Jessica turned 18 a couple of months ago, and one of the first things she did as a legal adult was register to vote. We had talked about the candidates (beyond how annoying the campaign ads were) and where they stood on the issues. She had expressed dismay at how boring politics can be. I explained that politics is not the same as "the issues." The day to day realities of your life, your family, your community, your country . . . the world. Things that you don't have to worry about when you are eighteen years old and your future is so bright you have to wear shades.

My children grew up in a world without war and mostly without fear. There were no duck and cover drills, no looming communist threats, no cold war, no Viet Nam, not even a Berlin Wall. Unfortunately, their children will likely be raised on a planet that is scarier than the one on which they were raised. So I am happy that my daughter is taking an interest in the direction our society will go, despite the boringness (and boorishness) of it all. I believe that, if she has children one day, she will appreciate the fact that she does have a say in how the world turns out.

After we voted, I asked one of the volunteers if she had a sticker. She said she had run out, but I could have hers, and she pulled it off her sweater and handed it to me. I stuck it to my daughter's jacket and said, "It's her first time. I'm so proud!" Thanks, Susan.

Saturday, November 04, 2006

Remembering Dad

Three years ago today, my dad was out on a four wheeler scouting hunting spots, had a massive heart attack, and was gone. I still have a hard time wrapping my brain around it. Something will happen, or I'll read something, and think I need to call Dad and tell him about that, and it's like a bad surprise all over again.

My father and I had a rather unusual relationship, given that I did not grow up knowing him. He and my mother divorced when I was a baby. Circumstances were what they were (I get stories from both sides, so I've had to piece together what I think probably happened), and I was raised with a stepfather instead of my father.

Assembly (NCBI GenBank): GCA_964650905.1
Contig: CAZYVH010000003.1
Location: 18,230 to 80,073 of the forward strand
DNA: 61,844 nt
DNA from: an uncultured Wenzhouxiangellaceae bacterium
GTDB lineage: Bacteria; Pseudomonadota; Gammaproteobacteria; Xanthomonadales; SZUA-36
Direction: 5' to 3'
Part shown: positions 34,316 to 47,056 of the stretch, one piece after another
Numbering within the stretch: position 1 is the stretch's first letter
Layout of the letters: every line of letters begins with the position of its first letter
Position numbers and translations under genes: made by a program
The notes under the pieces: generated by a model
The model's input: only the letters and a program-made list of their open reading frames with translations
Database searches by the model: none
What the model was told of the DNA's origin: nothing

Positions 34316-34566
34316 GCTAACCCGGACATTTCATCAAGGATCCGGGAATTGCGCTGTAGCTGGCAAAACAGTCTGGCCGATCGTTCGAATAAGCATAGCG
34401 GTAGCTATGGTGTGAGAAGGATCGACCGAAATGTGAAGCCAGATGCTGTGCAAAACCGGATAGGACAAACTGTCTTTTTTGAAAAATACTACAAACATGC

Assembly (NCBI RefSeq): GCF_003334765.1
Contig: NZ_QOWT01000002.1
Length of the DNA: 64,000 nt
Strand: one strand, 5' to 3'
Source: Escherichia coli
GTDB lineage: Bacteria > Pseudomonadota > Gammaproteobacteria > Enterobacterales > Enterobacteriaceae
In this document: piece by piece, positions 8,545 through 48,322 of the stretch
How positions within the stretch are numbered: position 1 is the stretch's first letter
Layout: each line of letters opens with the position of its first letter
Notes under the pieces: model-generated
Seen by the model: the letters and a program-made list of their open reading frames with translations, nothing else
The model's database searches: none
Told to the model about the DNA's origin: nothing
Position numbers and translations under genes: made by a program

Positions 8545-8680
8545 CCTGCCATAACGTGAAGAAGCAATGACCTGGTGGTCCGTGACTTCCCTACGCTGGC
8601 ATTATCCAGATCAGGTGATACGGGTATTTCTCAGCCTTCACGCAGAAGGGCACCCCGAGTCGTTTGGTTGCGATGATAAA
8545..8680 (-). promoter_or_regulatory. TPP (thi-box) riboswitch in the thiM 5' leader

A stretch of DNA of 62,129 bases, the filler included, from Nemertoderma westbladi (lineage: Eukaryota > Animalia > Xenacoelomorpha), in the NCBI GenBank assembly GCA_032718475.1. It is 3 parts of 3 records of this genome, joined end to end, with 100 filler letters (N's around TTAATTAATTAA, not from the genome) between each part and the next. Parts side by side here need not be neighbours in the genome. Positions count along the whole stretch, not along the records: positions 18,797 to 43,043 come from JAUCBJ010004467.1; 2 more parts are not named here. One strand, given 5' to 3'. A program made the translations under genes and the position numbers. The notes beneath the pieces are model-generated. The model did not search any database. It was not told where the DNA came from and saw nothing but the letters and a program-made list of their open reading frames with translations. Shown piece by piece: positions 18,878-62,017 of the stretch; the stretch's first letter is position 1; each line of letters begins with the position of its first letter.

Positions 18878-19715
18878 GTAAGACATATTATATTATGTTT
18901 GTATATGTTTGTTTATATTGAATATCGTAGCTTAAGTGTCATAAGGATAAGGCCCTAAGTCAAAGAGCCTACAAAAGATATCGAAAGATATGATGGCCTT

Shortly after I married, a cousin on my dad's side asked if I would like to contact him. I sent him a letter, he sent one back, and my husband and I made arrangements to meet him. He was living in Las Vegas. We got tickets for Labor Day weekend. There were some glitches with the flight, and we ended up taking an earlier one. Meanwhile, the flight we were supposed to be on had been delayed. So Dad was at the airport thinking he had another hour and a half to wait, and he was already nervous. The airport was packed because of the three day weekend and all the people who had flown in eager to lose their money. But hubby spotted my dad, who was on the way to the pay phone to call a buddy to come help him wait. (Did I mention he was nervous?) We hadn't seen pictures of him, but I'd sent him pictures of us, and he had told me to look for someone who resembled my brother. I wasn't sure it was him, so I asked hubby to sneak up behind and see if it said "Dave" on his belt. Sure enough, his belt ratted him out. He hadn't told me he had a belt with his name on it, but somehow, I knew it.

I missed out on growing up with my dad, but when we did meet, we didn't have all the growing up baggage, teenage angst, the "I hate you" fights, so we just got to be friends. He was there when my kids were born, we went to family reunions together, I was there when he married my wicked stepmother (no, she's not really, that's actually a term of endearment). He cracked up my kids with his grandpa-isms. We had fun.

Three years ago, I walked into the chapel holding his cowboy boots and said goodbye. I will never stop missing him. But I know for sure that the last thing I said to him was, "I love you, Dad." Damn straight.

Thursday, November 02, 2006

Deliver us from Evil

I am counting down the hours until next Tuesday's election in much the same way that children count down the days until Christmas. No, I don't love election day. I'm just sick to death of political ads. These snarky, whining, mud-slinging politicians behave like sugared-up two year olds and expect our vote? How arrogant. So, in honor of November 7th, 2006, here are some of the more ridiculous ads in my neck of the woods.